"Bury Me Here" was a frustrating episode of The Walking Dead. Everything you could have expected to happen happened pretty much exactly as you would have expected. Most notably, Benjamin (Logan Miller) died to get King Ezekiel (Khary Payton), Morgan (Lennie James) and Carol (Melissa McBride) off the sidelines and into the fight.
Benjamin's whole arc was telegraphed from the moment he appeared back in the episode that introduced the Kingdom. He was never really a character, just a plot device to be deployed when other characters needed something to make them change. In "The Well," Ezekiel told Morgan he was a special boy who needed to be protected, which obviously meant he was going to die. We know the rules of the show. Morgan was tasked with teaching him how to use the staff, which meant Morgan was going to grow close to him since the kid reminded him of the son he lost, and so his death would affect Morgan, too. When he told Ezekiel that he thought the Kingdom should join Rick (Andrew Lincoln) and fight the Saviors and Ezekiel didn't listen to him, we knew his death was going to inspire Ezekiel to join the fight. Carol looked at him affectionately when he found her in the woods one time, so his death was going to affect her, too.
In this episode, there were hasty, heavy-handed details about how he was raising his little brother and starting to date a girl. There was even a scene that set up how Carol is going to blame herself for his death. He asked her to show him how to be as badass as she is. He said he could miss the Savior food drop-off where he eventually met his demise to train with her, and she told him to go on the drop. So in her fragile, self-flagellating state, his death is going to weigh on her, especially since he died on her kitchen table.
Benjamin is a textbook example of why "show don't tell" is a rule for writers. He had no character development and no personality beyond being nice, I guess. It was like since the writers knew he was going to die and knew that we knew he was going to die, they didn't bother to try to make us care about him. We were just told that he was important and beloved by all these characters and expected to accept that. But really, he served no purpose but to die. He was basically a glorified extra. I don't even know if I can place any blame on Logan Miller for a charisma-free performance, because he had nothing to work with.
Worst of all, almost nothing about his death was surprising. There was exactly one surprise in this episode, and that was Richard's (Karl Makinen) collaboration with Gavin the reasonable, all-business Savior (Jayson Warner Smith) on putting the fear of God into Ezekiel — which now that I think about it, I'm not sure how that was supposed to work. Richard told Gavin that he was willing to give his life to make Ezekiel take providing for the Saviors more seriously? Seems like a low-stakes thing to die over, even for The Walking Dead, and Gavin seems smart enough to have been like "what?" But anyway, when Jared the smug stick-stealing Savior (Joshua Mikel) shot Benjamin instead of Richard and Gavin got mad, my interest was piqued.
Some of it was good, though. We knew the return of Morgan the fighter was coming, but it was still satisfying to see it happen after two seasons of ineffective nonviolence. Morgan's peacenik philosophy was obviously never going to work in the brutal reality The Walking Dead has established, and now we're going to see exactly how it doesn't work and its effect on Morgan. Morgan is going to be more interesting now that he's acting against his nature. Like Tupac, Morgan ain't a killer, but don't push him. Richard made that mistake and paid the ultimate price. And that episode-closing shot of him sharpening his staff was both exciting and sad.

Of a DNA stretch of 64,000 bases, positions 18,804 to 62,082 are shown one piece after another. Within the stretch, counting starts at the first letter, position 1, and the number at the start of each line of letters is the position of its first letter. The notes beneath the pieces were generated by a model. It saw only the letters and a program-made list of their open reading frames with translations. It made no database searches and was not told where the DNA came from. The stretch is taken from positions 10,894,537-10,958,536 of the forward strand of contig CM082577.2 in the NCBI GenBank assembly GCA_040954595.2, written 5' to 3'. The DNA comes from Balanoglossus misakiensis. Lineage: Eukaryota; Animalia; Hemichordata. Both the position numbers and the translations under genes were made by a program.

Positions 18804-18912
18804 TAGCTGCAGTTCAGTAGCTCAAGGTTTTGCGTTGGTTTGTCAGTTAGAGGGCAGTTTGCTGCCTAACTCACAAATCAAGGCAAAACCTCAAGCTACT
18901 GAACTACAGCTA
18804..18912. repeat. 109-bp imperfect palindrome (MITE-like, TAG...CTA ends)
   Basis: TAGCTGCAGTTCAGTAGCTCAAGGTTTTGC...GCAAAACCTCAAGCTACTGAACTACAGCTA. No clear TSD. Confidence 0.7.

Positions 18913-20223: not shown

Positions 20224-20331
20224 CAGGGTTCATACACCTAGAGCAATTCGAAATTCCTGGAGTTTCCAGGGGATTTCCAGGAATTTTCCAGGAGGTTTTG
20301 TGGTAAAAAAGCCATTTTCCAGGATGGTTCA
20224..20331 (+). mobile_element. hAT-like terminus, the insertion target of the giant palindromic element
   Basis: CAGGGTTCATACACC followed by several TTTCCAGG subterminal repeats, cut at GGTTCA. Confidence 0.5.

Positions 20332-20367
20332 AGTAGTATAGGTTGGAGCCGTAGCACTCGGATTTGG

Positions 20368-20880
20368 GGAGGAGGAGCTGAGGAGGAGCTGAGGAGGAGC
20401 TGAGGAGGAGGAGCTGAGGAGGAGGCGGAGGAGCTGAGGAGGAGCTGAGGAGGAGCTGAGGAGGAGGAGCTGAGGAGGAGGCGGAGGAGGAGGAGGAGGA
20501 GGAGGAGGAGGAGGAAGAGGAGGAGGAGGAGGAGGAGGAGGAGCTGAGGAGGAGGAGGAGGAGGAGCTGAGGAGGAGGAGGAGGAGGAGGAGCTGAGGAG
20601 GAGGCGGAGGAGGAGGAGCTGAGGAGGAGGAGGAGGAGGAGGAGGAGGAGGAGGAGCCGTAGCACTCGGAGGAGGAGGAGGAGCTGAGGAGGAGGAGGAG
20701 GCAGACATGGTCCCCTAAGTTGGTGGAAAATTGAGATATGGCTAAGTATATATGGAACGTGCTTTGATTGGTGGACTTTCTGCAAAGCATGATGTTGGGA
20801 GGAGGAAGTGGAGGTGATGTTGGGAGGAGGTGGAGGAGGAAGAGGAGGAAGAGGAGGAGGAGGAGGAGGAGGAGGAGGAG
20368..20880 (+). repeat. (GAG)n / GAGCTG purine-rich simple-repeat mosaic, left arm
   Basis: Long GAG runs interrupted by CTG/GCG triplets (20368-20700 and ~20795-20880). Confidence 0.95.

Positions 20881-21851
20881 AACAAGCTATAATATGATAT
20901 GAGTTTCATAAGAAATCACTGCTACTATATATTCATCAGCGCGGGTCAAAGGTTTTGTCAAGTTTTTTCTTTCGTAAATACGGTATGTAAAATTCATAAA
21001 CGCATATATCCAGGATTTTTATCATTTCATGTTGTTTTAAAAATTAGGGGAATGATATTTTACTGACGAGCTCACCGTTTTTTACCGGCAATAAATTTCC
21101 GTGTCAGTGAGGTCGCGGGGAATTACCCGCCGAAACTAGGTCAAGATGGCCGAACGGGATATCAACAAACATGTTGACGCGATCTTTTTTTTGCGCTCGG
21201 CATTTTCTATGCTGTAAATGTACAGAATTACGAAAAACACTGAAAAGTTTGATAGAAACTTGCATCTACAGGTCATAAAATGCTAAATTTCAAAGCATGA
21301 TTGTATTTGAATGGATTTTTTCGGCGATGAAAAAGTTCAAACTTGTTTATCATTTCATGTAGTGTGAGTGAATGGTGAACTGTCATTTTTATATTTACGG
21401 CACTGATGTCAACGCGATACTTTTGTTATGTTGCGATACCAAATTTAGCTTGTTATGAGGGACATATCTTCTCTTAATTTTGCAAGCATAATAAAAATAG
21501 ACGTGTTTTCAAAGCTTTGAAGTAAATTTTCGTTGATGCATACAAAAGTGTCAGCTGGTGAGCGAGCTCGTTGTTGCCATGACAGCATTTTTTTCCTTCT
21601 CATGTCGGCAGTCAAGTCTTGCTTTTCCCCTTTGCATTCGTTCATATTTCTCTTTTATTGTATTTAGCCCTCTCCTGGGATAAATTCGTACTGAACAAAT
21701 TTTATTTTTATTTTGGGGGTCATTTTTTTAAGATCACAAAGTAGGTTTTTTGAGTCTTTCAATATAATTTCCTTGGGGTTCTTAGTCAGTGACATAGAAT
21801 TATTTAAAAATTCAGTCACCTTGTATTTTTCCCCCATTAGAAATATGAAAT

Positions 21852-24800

The fragility of his mental state is going to the big question about Morgan going forward. Is he going to revert to the feral creature of Season 3's "Clear," or will he take Richard's place in leading the Kingdom's army against the Saviors?
When Ezekiel's delivery party found the "bury me here" grave, Ezekiel gave a little speech.
"This world drives one mad," he said. "People have lived through every kind of misery. Tyrants, genocide, systems of quiet hate, while others enjoy freedom on the same piece of land. Yet this, how we must exist now, it is mere luck we're not all insane."
He was talking generally, but he could have been talking about Morgan. And what Benjamin said in response to this — "The world does drive people crazy now, but you made us another world" — is something Morgan might believe enough to want to protect. Morgan came very, very close to the brink in this episode, hallucinating the people he's lost and howling into the void as he killed walkers on the road. But later in the episode, Carol was able to reign him in and keep him from going off the reservation, literally and figuratively. The difference between the Morgan of "Clear" and Morgan now is that he has Carol and Ezekiel.
It's great to see Carol putting her spurs back on, too. Morgan finally told her what happened to Glenn (Steven Yeun) and Abraham (Michael Cudlitz), and she didn't retreat back into her cabin to stare into the fire and cry. She went to the Kingdom and told Ezekiel she was moving in, because there's work to be done.
The Kingdom is in. The last pieces of the puzzle are Hilltop, which should fall into place pretty easily if they can get Gregory (Xander Berkeley) out of the way, and Oceanside, which will be a little more difficult, and then the army to fight the Saviors will be assembled.
The Walking Dead airs Sundays at 9/8c on AMC.